The Pivotal Role of Faculty in Online Student Engagement and Retention

The Pivotal Role of Faculty in Online Student Engagement and Retention

Judi Simmons Estes (Park University, USA)
DOI: 10.4018/978-1-4666-9624-2.ch068
OnDemand PDF Download:
$30.00
List Price: $37.50

Abstract

The premise of this chapter is that higher education online faculty have a pivotal role in student retention; faculty participation is key to student engagement and engaged students tend to complete courses in which they are enrolled. However, frequently faculty members are unaware of the impact their active participation and visibility has on student engagement and retention. In addition, online courses are an important source of revenue for many institutions of higher education and attrition results in loss of revenue. Given that faculty have a pivotal role in retention, institutions of higher education can benefit fiscally from guiding and supporting online faculty in strategies of student engagement and retention. Faculty support is needed during the process of change inherent in faculty adapting to teaching online, through providing on-going faculty professional development and by creating a teaching culture inclusive of informal scholarly investigations related to instructional effectiveness in online course delivery.
Chapter Preview
Top

Introduction

The offering of online courses is a viable delivery mode for institutions of higher education and can be more effective than face-to-face learning (U.S. Department of Education, 2009). In the past ten years, the offering of online courses has grown significantly in higher education; an increasingly larger portion of degree requirements are being offered online. Institutions of higher education are finding themselves in a situation where it is fiscally necessary to respond to consumer demand. To some degree, students are customers who expect their needs be anticipated and met (Lovelock & Wirtz, 2007). For example, increasingly, college and university students want course delivery modes that fit with their busy lives; accessibility to coursework anytime and anywhere has become a criteria for selecting a degree program (Johnson, Smith, Willis, Levine & Haywood, 2011). In a 2012 survey of chief academic leaders in higher education, 69.1 percent reported that offering courses online is critical to the long-term strategy of the institution (Allen & Seaman, 2013). Therefore, meeting consumer need has become an important consideration.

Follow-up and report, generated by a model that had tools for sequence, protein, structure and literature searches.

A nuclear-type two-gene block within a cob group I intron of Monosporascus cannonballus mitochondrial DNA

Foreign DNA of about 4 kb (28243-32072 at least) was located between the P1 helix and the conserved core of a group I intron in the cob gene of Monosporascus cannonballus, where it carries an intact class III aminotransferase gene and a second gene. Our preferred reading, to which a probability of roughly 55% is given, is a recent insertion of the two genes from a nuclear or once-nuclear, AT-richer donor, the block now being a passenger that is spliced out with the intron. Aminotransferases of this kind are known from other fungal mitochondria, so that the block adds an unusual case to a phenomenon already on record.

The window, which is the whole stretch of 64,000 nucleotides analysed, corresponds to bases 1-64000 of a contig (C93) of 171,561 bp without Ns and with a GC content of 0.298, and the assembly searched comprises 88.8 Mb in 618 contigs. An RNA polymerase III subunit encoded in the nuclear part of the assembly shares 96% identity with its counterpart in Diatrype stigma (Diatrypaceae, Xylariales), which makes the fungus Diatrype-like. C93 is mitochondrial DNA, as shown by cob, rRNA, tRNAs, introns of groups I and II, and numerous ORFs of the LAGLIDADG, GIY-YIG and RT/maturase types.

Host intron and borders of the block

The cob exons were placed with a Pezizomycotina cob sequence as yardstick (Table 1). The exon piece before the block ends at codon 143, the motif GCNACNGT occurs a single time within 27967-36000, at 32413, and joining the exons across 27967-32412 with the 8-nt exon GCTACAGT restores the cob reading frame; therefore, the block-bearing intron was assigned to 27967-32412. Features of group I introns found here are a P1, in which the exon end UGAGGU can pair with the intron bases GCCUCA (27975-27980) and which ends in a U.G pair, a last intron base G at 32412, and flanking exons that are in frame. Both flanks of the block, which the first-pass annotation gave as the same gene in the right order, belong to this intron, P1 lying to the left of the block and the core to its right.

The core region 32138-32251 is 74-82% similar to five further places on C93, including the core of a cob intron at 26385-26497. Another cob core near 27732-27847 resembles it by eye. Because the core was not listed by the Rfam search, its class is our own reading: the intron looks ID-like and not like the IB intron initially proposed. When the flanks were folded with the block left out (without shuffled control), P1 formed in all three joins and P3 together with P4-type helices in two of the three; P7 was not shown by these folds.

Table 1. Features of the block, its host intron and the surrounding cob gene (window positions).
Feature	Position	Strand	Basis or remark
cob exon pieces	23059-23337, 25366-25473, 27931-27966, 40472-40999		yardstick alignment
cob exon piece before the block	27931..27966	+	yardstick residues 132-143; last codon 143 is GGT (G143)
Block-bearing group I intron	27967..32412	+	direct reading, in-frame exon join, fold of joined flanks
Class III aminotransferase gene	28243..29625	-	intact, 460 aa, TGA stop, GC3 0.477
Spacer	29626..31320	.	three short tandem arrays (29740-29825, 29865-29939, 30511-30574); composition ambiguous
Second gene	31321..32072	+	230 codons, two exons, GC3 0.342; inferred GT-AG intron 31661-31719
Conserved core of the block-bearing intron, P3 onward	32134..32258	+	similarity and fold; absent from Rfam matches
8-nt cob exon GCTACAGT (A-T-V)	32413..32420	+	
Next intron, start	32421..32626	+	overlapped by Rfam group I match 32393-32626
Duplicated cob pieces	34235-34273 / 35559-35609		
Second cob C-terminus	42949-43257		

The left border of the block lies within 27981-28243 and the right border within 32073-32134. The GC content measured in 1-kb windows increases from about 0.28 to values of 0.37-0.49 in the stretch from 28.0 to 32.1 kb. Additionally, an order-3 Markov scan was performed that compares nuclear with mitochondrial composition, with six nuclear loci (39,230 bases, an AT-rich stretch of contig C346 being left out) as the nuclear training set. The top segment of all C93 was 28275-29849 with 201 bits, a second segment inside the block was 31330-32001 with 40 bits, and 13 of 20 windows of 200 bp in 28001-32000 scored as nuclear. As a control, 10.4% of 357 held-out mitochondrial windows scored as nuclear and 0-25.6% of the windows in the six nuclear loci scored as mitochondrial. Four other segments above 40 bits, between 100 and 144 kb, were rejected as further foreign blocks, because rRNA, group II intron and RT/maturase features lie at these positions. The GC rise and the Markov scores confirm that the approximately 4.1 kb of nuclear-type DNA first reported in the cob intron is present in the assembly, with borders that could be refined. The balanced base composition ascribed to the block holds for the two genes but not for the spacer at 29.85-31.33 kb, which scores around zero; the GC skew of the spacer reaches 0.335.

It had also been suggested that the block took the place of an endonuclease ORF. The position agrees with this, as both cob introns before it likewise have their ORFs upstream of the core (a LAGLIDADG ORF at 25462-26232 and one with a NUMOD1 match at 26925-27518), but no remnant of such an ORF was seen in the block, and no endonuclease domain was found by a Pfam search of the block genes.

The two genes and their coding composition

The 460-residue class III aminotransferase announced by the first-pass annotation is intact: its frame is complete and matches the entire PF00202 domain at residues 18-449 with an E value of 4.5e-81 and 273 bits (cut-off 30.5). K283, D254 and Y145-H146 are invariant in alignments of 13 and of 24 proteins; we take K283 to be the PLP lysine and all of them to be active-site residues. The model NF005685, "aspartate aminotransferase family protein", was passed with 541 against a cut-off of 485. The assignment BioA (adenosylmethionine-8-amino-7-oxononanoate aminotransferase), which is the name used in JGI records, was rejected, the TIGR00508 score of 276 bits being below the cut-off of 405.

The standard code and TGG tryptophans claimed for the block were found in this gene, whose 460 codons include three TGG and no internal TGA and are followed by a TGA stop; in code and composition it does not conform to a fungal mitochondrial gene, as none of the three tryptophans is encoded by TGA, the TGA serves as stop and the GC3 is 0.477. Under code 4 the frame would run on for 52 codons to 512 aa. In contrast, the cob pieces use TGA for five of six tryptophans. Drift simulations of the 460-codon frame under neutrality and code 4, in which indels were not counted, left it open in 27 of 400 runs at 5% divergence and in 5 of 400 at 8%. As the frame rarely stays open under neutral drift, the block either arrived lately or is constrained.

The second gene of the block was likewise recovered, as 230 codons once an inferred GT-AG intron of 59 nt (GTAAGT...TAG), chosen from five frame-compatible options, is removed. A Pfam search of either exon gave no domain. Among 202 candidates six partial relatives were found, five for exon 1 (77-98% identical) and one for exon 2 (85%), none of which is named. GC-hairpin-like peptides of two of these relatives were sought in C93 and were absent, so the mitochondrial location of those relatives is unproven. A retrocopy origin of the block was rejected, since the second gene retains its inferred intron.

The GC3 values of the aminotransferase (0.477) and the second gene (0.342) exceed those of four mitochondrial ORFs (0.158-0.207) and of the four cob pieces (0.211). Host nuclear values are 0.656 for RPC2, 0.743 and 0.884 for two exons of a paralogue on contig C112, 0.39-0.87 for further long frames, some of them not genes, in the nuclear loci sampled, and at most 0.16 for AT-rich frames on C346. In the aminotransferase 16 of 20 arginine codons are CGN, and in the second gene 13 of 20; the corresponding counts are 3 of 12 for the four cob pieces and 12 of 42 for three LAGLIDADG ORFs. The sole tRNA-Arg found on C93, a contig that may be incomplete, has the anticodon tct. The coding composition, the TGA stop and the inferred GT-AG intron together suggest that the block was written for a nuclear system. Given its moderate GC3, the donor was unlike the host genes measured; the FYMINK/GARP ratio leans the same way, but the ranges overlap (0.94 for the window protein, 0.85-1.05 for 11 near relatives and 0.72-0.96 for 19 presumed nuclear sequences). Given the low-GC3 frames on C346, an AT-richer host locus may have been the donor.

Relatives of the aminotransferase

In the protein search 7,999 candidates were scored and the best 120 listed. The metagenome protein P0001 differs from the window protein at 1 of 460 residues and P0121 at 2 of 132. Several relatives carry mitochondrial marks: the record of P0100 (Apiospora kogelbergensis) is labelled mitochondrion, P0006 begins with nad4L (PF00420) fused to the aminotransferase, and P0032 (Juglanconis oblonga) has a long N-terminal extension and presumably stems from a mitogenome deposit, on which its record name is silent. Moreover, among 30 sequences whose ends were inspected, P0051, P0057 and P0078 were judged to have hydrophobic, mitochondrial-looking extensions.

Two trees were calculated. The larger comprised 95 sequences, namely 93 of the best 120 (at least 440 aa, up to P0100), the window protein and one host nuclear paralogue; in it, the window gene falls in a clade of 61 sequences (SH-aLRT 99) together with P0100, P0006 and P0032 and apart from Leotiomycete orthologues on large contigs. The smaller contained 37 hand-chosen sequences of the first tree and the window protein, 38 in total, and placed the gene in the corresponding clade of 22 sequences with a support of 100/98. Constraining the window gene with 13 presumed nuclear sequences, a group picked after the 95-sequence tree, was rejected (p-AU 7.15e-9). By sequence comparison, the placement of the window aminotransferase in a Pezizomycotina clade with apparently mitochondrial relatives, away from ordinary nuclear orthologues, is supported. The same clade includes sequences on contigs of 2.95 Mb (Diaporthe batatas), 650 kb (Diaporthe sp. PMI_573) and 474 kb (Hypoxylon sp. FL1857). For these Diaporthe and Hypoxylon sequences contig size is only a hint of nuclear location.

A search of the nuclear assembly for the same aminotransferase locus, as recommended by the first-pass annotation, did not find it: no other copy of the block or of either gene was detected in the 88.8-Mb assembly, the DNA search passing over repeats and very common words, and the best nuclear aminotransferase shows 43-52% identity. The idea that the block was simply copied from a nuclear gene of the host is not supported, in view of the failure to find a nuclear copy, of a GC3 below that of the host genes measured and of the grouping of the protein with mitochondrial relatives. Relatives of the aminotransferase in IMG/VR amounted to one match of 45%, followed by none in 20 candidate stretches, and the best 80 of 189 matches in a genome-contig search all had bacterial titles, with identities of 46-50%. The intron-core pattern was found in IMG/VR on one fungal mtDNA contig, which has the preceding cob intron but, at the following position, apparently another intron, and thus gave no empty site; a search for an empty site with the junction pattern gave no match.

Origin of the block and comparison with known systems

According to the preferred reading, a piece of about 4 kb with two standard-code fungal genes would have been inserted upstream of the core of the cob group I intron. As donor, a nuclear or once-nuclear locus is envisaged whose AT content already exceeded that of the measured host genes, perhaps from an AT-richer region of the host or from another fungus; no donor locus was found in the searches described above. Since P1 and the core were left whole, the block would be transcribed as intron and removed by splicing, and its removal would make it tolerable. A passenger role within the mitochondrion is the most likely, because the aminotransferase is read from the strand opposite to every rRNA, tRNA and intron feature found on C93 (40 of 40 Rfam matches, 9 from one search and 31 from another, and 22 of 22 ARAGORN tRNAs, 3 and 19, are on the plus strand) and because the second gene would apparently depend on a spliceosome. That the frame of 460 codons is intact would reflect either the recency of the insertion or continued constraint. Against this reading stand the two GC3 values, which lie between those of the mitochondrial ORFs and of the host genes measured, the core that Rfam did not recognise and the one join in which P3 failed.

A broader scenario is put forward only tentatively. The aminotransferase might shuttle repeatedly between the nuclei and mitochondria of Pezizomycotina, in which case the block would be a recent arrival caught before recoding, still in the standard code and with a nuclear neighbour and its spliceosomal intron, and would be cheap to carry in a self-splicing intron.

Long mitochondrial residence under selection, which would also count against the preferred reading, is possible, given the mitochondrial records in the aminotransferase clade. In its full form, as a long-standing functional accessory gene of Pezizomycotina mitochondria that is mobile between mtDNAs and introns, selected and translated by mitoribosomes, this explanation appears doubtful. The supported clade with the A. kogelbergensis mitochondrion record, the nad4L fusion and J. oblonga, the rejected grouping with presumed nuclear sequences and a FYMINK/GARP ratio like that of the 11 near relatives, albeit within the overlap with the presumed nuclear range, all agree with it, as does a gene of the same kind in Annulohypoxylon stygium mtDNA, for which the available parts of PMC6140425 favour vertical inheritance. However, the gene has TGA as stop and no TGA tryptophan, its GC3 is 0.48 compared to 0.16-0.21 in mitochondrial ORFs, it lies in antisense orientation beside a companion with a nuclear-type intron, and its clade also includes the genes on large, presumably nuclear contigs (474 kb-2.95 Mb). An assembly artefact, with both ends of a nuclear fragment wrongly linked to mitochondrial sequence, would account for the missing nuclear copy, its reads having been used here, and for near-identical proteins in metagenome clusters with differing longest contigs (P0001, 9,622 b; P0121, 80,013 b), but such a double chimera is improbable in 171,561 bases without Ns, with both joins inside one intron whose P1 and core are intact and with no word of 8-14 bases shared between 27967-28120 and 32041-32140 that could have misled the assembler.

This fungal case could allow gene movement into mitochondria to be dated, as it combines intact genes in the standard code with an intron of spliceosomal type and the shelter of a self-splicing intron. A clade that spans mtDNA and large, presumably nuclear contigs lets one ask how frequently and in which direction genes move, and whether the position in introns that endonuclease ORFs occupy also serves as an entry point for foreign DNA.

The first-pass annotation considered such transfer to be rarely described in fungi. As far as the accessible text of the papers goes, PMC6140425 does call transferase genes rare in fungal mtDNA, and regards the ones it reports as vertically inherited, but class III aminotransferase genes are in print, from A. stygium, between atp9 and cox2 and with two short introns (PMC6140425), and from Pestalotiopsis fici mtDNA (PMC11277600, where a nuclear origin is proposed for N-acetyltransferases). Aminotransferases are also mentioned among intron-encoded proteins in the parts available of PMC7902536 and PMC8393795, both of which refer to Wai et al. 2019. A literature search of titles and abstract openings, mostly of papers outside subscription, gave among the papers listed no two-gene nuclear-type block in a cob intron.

“For some institutions, web-based courses have been viewed as a way to attract new students, as well as to provide more convenient education options for students currently enrolled” (Lion, 2011, p. 49). At the same time as institutions of higher education are attempting to increase online course offerings to meet student demands, there is also recognition that in today’s environment where higher education institutions are facing increasing budget cuts, retaining students is particularly important. Yet, attrition rates for online courses are of particular concern in the academic community (Allen & Seaman, 2013); online attrition rates are higher for online students than for students taking courses face-to-face (Angelino, Williams, & Navtig, 2007). High attrition rates result in a noticeable loss of income for institution of higher education. Even a small increase in student retention can result in a significant increase in institution revenue.

Faculty must be recognized as critical stakeholders in the process of moving courses from the brick and mortar classroom to the online classroom, not only because faculty are developing the courses to be delivered online but also because of the nature of faculty relationships with students. While faculty are known to build close relationships with students in an advising capacity, the potential for a similar relationship can unfold during course delivery that invites high student and faculty engagement. In face-to-face classes, it is common knowledge that faculty engagement has a direct impact on student engagement and retention.

The increase in online course offerings has stimulated discussions about teaching pedagogy, the quality of online course delivery, and skills to teach online. Faculty expertise and dedication have been cited as the most important factors contributing to quality online courses; however, many faculty report feeling unprepared to teach online; teaching in a traditional classroom environment is the area for which they’ve been prepared (Varvel, 2007). If students want courses offered online and faculty teaching these courses have influential contact with students and engaged students tend to continue in their studies and online course offerings offer a needed revenue stream for universities, then it follows that college and universities would benefit by having highly trained faculty to teach online.

The purpose of this chapter is to: a) provide background on the relationship between student engagement and retention, b) consider course infrastructure that supports student engagement and retention, c) examine teaching strategies to engage and retain students in the online classroom, d) discuss the process of faculty development to teach online, including viewing teaching online as a scholarly endeavor.

Complete Chapter List

Search this Book:
Reset